Cuicacalli (House of Culture) is a year-round youth dance program and Company, based at Brava Theater in the heart of San Francisco’s Mission District-the unceded ancestral homeland of the Ramaytush Ohlone who are the original inhabitants of the San Francisco Peninsula. Founded in 2008 by renowned international performer Jesus “Jacoh” Cortes, Cuicacalli is an international, cross-cultural, dance-arts educational institution, providing Indigenous, Ballet Folklórico, and Contemporary Dance programs. Cuicacalli values its mission to serve the diverse community of San Francisco with dedication towards excellent instruction, performances, and community programs for intergenerational students, artists, teachers, and audiences of all backgrounds and continues to build relationships through dance while expanding and celebrating the cultural traditions of the Americas. Cuicacalli instills life skills such as self-expression, confidence, discipline, focus, leadership, teamwork, and positive attitude in its teachings to create responsible agents of change and influential pillars in our community. The offering of versatile dance styles give students a well-rounded curriculum of body awareness, movement dynamics, strength, flexibility, spatial composition, and the appreciation for the vibrant cultural rhythms that are the pulse of the Mission District. Cuicacalli strongly holds its values that all its participants are treated equally, respectfully, and with dignity. Cuicacalli does not discriminate on the basis of race, color, ethnicity, ancestry, national origin, age, gender identity or expression, sexual orientation, or disability.
Agua Doce Dance
Stephanie Emmanuela Da Silva is a dance artist who pursued an MFA in dance and choreography after becoming captivated with Afro-Brazilian dance. She immersed herself in the dance culture of Salvador Brazil from 2007-2012, living there as a student, a dancer, a teacher, an artist and a designer. All of her work as a choreographer is influenced by her time spent there absorbing the vibrant rhythms, movements, language, music and art culture. As a choreographer her mission is to share her lived body’s experiences founded in the deep appreciation and discovery of traditional, contemporary, modern, and popular dances of Brazil. Her work portrays a unique style of Silvestre Technique and contemporary dance blended with elements of traditional Afro-Brazilian movements and rhythms. She strives to present high quality authentic work respecting the culture to stimulate, transform, and inspire her dancers and audience. Her goal is to create a thought-provoking dialogue of intercultural communication with the community through the appreciation and love she holds for dances from Brazil. She aspires to inspire a deeper connection to the self through the discovery and essence of a cultural embodied movement history. She believes that it is important to share stories and discover how each story or legend can be universally interpreted. Perspectives and cultures all possess differences and similarities, approaching them with an open heart and mind helps us learn, grow, and evolve to become a more culturally tolerant and thriving community. While living in Salvador she had extensive training as a dance student at FUNCEB with Rosangela Silvestre, Mestre King, Vera Passos, Paco Gomes, Nildinha Fonseca, Joaquim, Agosto Omolu, Lino and many others. She danced professionally under the direction of Anderson Rodrigo, Nem Brito and Norma Santana and performed in dances by many of the aforementioned mentors she had the privilege to work with. Stephanie was invited to train closely with the Bale Folklorico da Bahia under the mentorship of Zebrinha and Nildinha Fonseca and performed at the annual Encontro dos Artistas. She produced a fashion show of her original designs and costumes at the Miguel Santana Theatre where the Bale Folklorico presents. Locally as a choreographer, Stephanie has been awarded numerous grants by the Santa Cruz Arts Council and the Irwin Art Fund. She has produced a Dance Festival in Santa Cruz, Tracing Diasporas in 2017 & 2018 featuring dance artists from Brazil and the diaspora. She was a chosen choreographer to present work at the 2019 Tannery Winter Dance Concert opening for Dawson Dances, and has choreographed work for Saint Mary’s College, Santa Rosa Junior College, Cabrillo Community College, and the Cabrillo Festival of Contemporary Music. She has taught dance at ACDA, UCSC, SRJC, Saint Mary’s College, the SCBT and numerous private dance studios in Santa Cruz. She has been a featured choreographer for the SC Ethnic Dance Festival, Santa Cruz Dance Week, the Ebb and Flow Festival, and presents work at the annual Yemanja Arts Festival at Brasarte. She also choreographed and Performed with Ozomatli while they were on their 2014 Northern California Tour. Stephanie has been a certified Silvestre Technique instructor since 2011 and is in the process of becoming a Certified Dunham Technique Instructor.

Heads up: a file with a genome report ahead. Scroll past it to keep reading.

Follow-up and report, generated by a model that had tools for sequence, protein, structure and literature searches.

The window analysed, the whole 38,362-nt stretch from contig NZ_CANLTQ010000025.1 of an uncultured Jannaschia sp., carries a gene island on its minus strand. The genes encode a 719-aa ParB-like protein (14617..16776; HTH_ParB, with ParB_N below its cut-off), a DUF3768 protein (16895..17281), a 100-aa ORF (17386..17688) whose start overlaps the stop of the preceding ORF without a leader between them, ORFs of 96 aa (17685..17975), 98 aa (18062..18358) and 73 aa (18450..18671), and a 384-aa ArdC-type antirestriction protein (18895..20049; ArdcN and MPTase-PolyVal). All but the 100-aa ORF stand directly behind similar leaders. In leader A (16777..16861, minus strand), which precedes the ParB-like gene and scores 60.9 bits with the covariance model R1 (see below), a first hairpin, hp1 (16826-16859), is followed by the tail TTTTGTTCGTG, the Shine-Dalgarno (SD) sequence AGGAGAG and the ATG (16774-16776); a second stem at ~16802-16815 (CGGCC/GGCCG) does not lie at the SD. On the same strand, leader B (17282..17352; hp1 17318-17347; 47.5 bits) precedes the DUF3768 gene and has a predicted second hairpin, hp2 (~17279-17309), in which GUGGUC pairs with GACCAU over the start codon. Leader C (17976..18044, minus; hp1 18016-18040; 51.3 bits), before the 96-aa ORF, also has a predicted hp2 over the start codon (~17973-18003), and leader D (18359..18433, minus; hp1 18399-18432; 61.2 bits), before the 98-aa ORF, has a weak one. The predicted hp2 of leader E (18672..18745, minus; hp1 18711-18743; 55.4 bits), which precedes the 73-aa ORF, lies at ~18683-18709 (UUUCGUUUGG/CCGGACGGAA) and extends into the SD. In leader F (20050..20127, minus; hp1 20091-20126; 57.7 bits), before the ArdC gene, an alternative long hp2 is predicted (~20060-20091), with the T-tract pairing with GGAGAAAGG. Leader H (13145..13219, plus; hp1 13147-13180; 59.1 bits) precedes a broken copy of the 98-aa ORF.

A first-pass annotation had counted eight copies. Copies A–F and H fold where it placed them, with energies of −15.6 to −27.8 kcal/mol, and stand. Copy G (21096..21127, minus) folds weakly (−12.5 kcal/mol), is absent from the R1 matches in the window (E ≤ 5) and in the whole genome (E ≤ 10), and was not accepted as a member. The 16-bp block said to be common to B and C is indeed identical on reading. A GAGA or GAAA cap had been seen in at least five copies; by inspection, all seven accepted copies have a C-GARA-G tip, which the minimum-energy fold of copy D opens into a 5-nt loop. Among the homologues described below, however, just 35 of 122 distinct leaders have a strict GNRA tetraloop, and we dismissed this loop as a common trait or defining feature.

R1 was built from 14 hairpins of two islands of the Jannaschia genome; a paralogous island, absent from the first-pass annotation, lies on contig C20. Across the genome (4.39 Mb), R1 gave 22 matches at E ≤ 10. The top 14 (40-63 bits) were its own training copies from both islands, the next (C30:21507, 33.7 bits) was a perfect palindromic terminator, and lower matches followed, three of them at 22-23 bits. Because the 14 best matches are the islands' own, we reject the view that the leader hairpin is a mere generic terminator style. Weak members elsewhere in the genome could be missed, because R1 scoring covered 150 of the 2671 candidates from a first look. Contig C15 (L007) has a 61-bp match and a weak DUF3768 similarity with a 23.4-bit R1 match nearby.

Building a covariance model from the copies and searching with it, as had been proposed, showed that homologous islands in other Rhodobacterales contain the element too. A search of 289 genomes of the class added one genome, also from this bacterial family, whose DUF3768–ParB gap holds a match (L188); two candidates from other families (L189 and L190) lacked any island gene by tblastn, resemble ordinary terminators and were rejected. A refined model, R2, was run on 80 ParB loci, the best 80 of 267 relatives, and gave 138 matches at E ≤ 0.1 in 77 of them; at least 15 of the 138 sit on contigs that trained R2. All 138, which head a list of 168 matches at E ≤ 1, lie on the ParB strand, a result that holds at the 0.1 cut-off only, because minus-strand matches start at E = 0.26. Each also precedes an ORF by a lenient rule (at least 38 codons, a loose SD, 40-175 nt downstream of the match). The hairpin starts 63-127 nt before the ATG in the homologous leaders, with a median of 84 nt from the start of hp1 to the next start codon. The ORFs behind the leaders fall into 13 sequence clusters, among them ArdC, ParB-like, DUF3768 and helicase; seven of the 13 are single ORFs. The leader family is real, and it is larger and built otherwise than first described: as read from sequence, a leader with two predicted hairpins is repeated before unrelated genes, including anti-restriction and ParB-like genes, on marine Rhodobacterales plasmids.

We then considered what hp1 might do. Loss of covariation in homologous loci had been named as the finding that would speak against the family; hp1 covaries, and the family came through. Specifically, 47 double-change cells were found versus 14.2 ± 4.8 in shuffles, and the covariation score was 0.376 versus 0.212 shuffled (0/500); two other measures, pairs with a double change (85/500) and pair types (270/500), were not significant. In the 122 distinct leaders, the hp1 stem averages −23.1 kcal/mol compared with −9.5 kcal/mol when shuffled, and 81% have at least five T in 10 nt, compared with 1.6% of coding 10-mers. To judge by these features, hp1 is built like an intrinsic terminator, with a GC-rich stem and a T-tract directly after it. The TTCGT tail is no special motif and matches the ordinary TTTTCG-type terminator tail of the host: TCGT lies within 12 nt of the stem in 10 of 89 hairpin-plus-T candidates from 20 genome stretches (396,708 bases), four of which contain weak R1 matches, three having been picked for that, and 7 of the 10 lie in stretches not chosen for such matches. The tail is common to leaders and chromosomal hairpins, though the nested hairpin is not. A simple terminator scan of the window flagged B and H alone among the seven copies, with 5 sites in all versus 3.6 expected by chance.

Los Lupeños De San José